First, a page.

History & Description:
Leeks are cousins to onions, shallots, garlic and scallions. A leek looks like a large green onion; it has a very small bulb and a long white cylindrical stalk of layers on top of layers which are wrapped tightly in a delightful green bundle.
Since leeks are related to garlic and onions, they contain many of the same beneficial nutrients that are found in those vegetables. Leeks lower LDL cholesterol (the “bad” cholesterol) and raise HDL cholesterol (the “good” cholesterol). Include leeks in your diet and help your cholesterol levels get to a healthy level. Include leeks or vegetables such as onions, garlic, shallots and scallions three to four times a week in your meals and help maintain your prostate and colon health.
Choosing & Storing:
The greens of a leek should be strong–not wilted–and free from blemishes. When you’re ready to use your leeks, give them a good washing. Dirt and grime gets trapped in between the leaves, especially at the base of the plant where the stalk just turns green. Rid leeks of dirt by filling a basin or bowl with warm water, dunking and swirling them around and allowing the dirt to sink away. Once your leeks are washed, remove any outer leaves that are older and tough looking and trim the ends off both ends of the plant. Leeks will exude an aroma that can be absorbed by other things in your refrigerator, so to store them before cooking, lightly wrap them in plastic wrap to contain the odour and moisture. Do not trim or wash before storing. Store in the vegetable drawer of your refrigerator. Leeks will keep for up to three days in your refrigerator.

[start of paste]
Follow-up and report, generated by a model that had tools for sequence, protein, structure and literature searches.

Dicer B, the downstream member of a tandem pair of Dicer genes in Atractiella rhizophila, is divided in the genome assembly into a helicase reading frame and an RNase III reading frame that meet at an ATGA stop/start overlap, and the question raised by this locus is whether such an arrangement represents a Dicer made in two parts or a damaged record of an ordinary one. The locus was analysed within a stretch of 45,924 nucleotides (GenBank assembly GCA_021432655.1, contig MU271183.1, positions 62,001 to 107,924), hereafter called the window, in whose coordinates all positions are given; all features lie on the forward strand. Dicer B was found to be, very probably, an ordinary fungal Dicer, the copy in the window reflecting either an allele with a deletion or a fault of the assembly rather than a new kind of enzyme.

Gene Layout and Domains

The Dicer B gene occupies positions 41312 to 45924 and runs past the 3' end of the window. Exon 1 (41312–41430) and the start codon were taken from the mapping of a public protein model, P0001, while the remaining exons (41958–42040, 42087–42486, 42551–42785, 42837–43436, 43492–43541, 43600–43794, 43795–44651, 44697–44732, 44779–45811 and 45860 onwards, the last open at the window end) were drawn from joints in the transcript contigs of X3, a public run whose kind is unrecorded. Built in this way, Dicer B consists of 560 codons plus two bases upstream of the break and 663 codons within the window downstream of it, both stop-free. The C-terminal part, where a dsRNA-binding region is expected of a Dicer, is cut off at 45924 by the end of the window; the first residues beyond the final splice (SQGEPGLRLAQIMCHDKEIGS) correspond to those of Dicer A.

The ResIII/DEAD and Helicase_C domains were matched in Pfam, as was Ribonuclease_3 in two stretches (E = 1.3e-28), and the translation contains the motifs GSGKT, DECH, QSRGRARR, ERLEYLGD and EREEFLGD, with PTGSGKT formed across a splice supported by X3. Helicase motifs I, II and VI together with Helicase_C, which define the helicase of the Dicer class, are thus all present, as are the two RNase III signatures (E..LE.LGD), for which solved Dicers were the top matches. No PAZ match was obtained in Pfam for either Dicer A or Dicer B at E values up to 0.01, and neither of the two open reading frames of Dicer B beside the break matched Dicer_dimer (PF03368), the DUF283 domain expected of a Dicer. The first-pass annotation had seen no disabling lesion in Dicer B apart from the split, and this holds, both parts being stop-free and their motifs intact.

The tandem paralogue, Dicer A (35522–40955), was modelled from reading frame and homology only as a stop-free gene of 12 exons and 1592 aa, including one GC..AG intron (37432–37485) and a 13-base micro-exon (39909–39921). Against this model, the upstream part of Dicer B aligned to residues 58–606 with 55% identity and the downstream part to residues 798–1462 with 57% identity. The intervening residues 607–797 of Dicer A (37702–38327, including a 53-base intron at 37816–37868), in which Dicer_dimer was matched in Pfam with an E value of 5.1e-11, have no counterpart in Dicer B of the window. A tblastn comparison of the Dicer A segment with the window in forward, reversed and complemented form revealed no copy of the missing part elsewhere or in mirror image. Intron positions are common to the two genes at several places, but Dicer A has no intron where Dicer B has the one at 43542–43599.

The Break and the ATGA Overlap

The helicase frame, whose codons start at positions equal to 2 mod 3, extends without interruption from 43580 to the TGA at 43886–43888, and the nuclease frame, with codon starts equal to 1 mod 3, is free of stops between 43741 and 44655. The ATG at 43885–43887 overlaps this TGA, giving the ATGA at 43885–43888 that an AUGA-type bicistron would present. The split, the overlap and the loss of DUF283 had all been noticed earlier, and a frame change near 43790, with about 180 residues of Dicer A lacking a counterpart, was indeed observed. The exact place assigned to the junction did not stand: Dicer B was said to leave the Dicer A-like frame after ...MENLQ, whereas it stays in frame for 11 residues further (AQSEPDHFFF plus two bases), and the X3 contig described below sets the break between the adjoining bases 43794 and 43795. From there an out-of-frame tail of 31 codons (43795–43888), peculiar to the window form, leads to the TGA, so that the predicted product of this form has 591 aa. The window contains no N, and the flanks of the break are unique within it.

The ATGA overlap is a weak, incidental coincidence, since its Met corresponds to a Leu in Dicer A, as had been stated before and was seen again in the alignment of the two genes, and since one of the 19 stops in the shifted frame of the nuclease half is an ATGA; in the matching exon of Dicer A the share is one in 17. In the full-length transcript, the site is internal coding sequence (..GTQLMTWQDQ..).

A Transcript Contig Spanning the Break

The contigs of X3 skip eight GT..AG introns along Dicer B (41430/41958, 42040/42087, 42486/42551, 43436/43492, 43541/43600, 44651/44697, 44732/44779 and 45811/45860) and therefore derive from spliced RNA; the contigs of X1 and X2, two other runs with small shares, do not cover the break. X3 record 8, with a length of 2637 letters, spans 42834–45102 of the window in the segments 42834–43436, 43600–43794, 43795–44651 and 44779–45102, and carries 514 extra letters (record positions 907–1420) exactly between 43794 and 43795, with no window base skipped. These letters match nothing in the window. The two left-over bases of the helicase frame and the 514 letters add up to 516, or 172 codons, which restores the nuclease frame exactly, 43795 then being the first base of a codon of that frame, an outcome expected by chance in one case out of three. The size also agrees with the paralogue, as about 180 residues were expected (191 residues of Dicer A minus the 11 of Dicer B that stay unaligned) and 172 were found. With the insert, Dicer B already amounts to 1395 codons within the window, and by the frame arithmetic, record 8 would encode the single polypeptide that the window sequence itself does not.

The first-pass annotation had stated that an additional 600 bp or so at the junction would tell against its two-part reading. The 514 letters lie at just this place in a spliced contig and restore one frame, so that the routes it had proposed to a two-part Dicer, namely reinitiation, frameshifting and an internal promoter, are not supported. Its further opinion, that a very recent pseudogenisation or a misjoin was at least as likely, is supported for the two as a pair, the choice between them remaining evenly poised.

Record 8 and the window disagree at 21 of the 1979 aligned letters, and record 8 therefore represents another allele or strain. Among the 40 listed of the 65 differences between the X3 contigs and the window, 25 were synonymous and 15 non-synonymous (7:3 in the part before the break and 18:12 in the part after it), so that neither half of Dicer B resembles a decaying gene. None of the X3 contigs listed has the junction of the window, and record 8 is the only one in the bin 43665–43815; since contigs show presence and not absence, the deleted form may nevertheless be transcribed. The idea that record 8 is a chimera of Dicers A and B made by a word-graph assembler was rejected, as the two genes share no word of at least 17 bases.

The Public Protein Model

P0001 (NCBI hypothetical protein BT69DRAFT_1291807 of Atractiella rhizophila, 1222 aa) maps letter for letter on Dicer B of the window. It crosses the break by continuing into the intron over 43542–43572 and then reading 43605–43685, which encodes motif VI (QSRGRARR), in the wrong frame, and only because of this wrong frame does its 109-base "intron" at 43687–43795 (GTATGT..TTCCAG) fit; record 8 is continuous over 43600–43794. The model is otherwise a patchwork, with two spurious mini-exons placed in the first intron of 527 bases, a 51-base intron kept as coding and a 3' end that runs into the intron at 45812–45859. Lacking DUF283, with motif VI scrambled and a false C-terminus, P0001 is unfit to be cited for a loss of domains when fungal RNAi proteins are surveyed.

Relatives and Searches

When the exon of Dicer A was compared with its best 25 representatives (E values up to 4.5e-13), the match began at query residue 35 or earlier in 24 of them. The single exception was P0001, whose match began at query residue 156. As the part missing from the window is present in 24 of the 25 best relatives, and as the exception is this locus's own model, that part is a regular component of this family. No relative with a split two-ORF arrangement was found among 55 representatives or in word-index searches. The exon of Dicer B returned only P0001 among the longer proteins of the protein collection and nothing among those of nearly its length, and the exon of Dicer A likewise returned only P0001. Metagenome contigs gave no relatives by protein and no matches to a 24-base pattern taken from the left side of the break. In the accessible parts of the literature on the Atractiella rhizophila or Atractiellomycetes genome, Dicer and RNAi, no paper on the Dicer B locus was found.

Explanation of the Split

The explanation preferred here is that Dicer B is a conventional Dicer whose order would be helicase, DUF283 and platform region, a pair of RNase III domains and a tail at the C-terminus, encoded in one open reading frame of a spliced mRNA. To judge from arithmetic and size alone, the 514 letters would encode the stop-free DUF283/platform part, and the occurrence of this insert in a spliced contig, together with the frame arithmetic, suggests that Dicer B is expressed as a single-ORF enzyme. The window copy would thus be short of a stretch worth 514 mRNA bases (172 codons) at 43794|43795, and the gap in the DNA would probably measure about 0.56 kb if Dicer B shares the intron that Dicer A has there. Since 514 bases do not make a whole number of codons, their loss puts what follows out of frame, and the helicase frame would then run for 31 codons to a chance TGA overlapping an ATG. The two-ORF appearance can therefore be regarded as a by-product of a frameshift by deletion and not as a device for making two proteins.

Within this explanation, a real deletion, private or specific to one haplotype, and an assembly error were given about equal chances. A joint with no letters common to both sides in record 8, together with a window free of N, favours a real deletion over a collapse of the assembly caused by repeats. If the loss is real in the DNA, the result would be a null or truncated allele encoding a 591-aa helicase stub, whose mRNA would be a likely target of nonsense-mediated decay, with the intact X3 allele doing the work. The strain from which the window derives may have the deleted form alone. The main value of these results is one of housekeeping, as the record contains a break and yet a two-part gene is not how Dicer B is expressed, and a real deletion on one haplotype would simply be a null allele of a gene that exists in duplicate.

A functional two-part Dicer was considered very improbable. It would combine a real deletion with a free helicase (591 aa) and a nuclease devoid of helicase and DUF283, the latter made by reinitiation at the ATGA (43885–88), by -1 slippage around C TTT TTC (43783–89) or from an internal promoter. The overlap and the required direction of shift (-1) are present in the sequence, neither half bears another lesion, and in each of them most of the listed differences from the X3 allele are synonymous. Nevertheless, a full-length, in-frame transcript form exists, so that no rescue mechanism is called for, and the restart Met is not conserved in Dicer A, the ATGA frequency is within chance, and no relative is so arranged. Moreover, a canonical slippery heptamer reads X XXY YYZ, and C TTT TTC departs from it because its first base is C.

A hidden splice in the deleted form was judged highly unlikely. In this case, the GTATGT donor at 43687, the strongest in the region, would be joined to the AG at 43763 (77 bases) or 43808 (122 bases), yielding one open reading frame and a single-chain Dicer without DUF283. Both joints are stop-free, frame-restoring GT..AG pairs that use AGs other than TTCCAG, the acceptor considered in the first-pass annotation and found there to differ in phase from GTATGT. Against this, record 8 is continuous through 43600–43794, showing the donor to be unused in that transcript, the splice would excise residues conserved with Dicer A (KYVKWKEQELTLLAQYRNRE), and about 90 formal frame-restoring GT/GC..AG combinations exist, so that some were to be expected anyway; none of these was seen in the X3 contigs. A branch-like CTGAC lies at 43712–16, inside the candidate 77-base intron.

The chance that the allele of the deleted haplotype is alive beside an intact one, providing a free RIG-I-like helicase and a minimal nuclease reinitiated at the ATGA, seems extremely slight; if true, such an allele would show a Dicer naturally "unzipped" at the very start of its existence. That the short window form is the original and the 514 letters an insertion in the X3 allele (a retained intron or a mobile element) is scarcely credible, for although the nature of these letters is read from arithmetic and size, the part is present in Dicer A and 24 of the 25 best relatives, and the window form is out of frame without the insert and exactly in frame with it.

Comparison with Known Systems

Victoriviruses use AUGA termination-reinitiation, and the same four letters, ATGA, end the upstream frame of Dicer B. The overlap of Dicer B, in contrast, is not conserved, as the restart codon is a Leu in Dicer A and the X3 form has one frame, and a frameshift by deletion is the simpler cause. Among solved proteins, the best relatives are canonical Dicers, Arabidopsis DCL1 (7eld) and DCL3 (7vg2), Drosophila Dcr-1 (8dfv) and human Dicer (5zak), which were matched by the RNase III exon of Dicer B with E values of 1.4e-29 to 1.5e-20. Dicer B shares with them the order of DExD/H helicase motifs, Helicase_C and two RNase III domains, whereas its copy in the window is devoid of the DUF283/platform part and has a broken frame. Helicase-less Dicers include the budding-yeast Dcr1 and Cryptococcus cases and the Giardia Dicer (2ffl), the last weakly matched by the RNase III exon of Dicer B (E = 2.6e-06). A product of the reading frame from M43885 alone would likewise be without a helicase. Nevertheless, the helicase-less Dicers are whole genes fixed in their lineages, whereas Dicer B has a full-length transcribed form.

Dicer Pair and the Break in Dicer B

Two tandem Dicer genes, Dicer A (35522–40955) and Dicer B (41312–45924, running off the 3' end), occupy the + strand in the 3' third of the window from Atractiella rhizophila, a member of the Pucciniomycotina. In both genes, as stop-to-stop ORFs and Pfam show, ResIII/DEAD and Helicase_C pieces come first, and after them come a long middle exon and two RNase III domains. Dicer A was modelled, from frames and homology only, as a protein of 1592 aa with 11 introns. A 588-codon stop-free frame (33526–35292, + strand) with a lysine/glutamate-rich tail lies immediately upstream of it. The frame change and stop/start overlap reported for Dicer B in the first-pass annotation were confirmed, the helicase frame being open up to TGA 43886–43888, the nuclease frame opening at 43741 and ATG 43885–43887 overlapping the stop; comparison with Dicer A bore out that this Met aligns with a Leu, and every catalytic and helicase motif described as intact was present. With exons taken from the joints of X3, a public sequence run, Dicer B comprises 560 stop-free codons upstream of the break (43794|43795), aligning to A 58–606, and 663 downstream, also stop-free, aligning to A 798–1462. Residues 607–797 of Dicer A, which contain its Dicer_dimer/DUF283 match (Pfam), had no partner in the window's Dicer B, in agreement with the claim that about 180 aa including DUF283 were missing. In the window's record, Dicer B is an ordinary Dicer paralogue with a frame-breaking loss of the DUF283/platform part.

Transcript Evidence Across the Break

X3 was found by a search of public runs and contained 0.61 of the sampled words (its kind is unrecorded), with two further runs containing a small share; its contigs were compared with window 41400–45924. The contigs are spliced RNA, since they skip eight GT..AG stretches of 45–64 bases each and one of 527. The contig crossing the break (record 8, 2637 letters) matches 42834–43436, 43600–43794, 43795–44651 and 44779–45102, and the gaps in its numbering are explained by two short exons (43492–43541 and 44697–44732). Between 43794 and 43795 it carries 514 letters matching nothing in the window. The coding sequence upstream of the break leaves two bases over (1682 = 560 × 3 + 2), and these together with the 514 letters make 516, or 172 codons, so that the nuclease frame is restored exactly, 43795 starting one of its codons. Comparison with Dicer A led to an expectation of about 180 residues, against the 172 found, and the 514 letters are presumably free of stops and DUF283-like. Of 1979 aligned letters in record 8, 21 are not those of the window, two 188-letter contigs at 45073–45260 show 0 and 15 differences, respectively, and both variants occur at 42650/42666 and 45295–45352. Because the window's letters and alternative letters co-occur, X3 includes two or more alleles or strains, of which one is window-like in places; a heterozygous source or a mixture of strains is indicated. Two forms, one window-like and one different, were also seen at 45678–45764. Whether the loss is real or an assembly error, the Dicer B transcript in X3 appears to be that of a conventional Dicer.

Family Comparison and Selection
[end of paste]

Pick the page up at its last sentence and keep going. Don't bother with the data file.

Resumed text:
Tips for Preparing Leeks:
Leeks can be cooked and served whole, sliced, diced, or chopped and added to salads, soups, casseroles, quiches, and mixed vegetables. Bake leeks into breads such as pizzas and focaccia or braise them with some fennel and chicken stock. Never overcook leeks, or you’ll end up with a slimy, mushy mess. Cook them just until they are fork tender and serve right away.